Here’s something I found particularly interesting. Our heroes were young during the English Civil War. The Commonwealth Puritans were anti-intellectual, so they really tried to purge and transform the universities (Cambridge and Oxford). Where they succeeded was in displacing the lock the Anglicans had on everything. Theocracy thwarted by theocracy! Into the opening came those taking up the new mantel of science, less received truth from the ancients by way of the Bible than observation, experiment, personal experience. The “new philosophers” put some Bacon on the sandwich: of “histories of all kinds.”

The European Honey Buzzard, as Voltaire might have said, is neither (strictly) European, an eater of honey, nor a buzzard. They winter in Africa, putting paid to any notion they belong to either Africa or Europe. They generally eat wasp larvae, digging the grubs out with their short strong claws. They have scale-like feathers on the face, to protect them from understandably upset adult wasps. And while they look like buzzards (Buteo hawks), they’re more actually related to tropical kites. Birkhead argues they should be called Willughby’s Buzzard. I’ve only had some distant views of them in flight, in Sweden.

Here’s something completely different: rare Kemp’s Ridley sea turtles hatched on the Rockaways, a part of Queens, last month, for the first time ever this far north.

Time to downgrade the Supreme Court?

K is for Kestrel

Richard Hines’s No Way But Gentlenesse is a memoir of the stunting British class system, and his falcons. The first theme definitely grips one’s attention, the second, well, less so for this ornithologically-inclined kestrel-fancier.

Hines’s older brother Barry wrote a novel called A Kestrel For a Knave (1968), inspired by Richard’s experience with Falco tinnunculus. Richard had taught himself falconry as a teen. The novel was turned into a Ken Loach film called Kes (1969), now numbered amongst the top ten British films. It’s very Loach, if you know his work, and heart-breaking. (To those unused to Yorkshire accents, it’s also sometimes hard to understand.)

While the Hines were a coal-miner family for several generations, both the boys escaped the pits that killed one of their grandfathers and wore down their father (who died of cancer).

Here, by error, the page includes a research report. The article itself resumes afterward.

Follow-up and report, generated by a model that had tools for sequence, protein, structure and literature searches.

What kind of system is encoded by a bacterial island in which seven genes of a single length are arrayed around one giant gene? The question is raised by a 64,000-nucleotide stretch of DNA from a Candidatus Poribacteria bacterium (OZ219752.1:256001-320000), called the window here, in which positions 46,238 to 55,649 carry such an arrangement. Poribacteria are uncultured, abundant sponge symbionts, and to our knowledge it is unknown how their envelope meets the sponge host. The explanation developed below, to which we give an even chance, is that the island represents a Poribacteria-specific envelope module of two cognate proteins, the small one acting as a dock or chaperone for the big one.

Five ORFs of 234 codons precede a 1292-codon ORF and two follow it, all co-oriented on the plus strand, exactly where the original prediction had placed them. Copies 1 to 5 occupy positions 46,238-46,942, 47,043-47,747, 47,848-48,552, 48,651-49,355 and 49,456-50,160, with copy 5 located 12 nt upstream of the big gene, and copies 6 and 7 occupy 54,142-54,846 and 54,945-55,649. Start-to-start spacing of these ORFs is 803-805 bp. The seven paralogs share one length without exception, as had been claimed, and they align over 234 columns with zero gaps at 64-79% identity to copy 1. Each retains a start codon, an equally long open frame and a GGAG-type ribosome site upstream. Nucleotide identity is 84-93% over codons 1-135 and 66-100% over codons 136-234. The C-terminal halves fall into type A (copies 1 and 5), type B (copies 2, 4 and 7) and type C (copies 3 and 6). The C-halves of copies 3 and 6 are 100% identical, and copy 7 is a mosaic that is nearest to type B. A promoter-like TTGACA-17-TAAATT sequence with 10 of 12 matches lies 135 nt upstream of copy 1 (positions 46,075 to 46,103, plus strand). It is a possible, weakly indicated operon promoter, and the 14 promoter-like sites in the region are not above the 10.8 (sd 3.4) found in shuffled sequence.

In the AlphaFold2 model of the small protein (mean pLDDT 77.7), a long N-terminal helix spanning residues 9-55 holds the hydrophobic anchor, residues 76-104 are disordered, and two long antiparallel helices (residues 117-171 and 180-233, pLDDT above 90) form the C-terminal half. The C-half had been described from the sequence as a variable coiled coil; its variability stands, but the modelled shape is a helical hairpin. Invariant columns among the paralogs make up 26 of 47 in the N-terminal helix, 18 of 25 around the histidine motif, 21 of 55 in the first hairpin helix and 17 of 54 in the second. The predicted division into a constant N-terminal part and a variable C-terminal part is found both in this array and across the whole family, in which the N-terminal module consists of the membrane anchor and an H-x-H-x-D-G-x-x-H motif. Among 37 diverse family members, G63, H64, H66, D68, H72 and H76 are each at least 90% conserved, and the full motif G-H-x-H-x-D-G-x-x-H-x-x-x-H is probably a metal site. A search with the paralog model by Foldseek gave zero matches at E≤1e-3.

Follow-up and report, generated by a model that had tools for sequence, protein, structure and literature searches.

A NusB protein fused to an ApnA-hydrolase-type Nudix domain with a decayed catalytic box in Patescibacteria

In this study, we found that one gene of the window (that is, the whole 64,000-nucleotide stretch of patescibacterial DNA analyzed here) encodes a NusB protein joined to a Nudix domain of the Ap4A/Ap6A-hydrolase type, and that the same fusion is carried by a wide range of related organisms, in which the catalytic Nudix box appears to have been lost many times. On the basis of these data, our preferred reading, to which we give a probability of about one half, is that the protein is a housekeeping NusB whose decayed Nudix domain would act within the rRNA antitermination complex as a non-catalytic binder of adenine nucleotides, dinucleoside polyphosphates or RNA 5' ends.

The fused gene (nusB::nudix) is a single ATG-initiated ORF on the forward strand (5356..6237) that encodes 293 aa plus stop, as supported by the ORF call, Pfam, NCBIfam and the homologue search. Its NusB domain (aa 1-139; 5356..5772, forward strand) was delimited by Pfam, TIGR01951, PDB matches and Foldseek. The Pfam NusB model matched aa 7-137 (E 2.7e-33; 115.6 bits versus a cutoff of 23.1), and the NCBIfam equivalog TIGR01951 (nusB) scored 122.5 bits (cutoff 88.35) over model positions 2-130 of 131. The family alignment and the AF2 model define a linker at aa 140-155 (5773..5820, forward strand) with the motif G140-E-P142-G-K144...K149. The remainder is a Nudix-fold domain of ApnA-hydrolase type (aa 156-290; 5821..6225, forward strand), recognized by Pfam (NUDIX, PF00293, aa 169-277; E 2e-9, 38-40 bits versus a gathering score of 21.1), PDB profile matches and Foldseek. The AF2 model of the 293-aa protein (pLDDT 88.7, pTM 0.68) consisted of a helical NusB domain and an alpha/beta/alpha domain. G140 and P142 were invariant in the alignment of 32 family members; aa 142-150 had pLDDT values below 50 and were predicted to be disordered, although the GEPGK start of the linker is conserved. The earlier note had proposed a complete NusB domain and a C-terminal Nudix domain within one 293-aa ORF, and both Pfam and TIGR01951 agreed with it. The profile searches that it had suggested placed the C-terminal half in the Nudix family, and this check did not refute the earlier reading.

As in Helen Mcdonald’s H is Hawk and the ur-British modern falconry/therapy book, T.H. White’s The Goshawk, the birds here are the focus of the authors’s varied personal dramas and psychological issues. For hawk-watchers, there’s rather less to be had. I did perk up when Hines writes that a Merlin he trained in later life cached food and returned to the spot the next day. But all in all, three books about people breaking wild creatures to their will is the limit for me. I’d much rather reread J.A. Baker’s mad, poetic, “inhuman” The Peregrine.

Pictured above is the printer’s ornament or dingbat used as a section break within chapters of No Way. Spot on! (When these are stylized flowers or leaves, they’re called fleurons.)

The Experiment

For more than a century now, the planet has been under chemical attack. At first, we directed this attack at insects, then at humans, then again at insects, and now again, by default, at humans. It was war, literally and figuratively. Now it is war of another sort, a profit-driven war against life itself.

I recently explored the intertwining of technology, industry, and metaphor in the chemical war on insects and the chemical war on humans at Jstor Daily.

And I have been reading Kristin Lawless’s Formerly Known As Food: How the Industrial Food System is Changing Our Minds, Bodies, and Culture. This an excellent place to start digging into the terrible experiment life is being subjected to, with nobody’s consent. Contrary to industry’s leading argument, there’s no “choice” involved here, not when a handful of corporations control most food brands (and, perversely, are subsidized by tax-payers) and refuse to actually tell us what is in that can, plastic wrapped package, or box.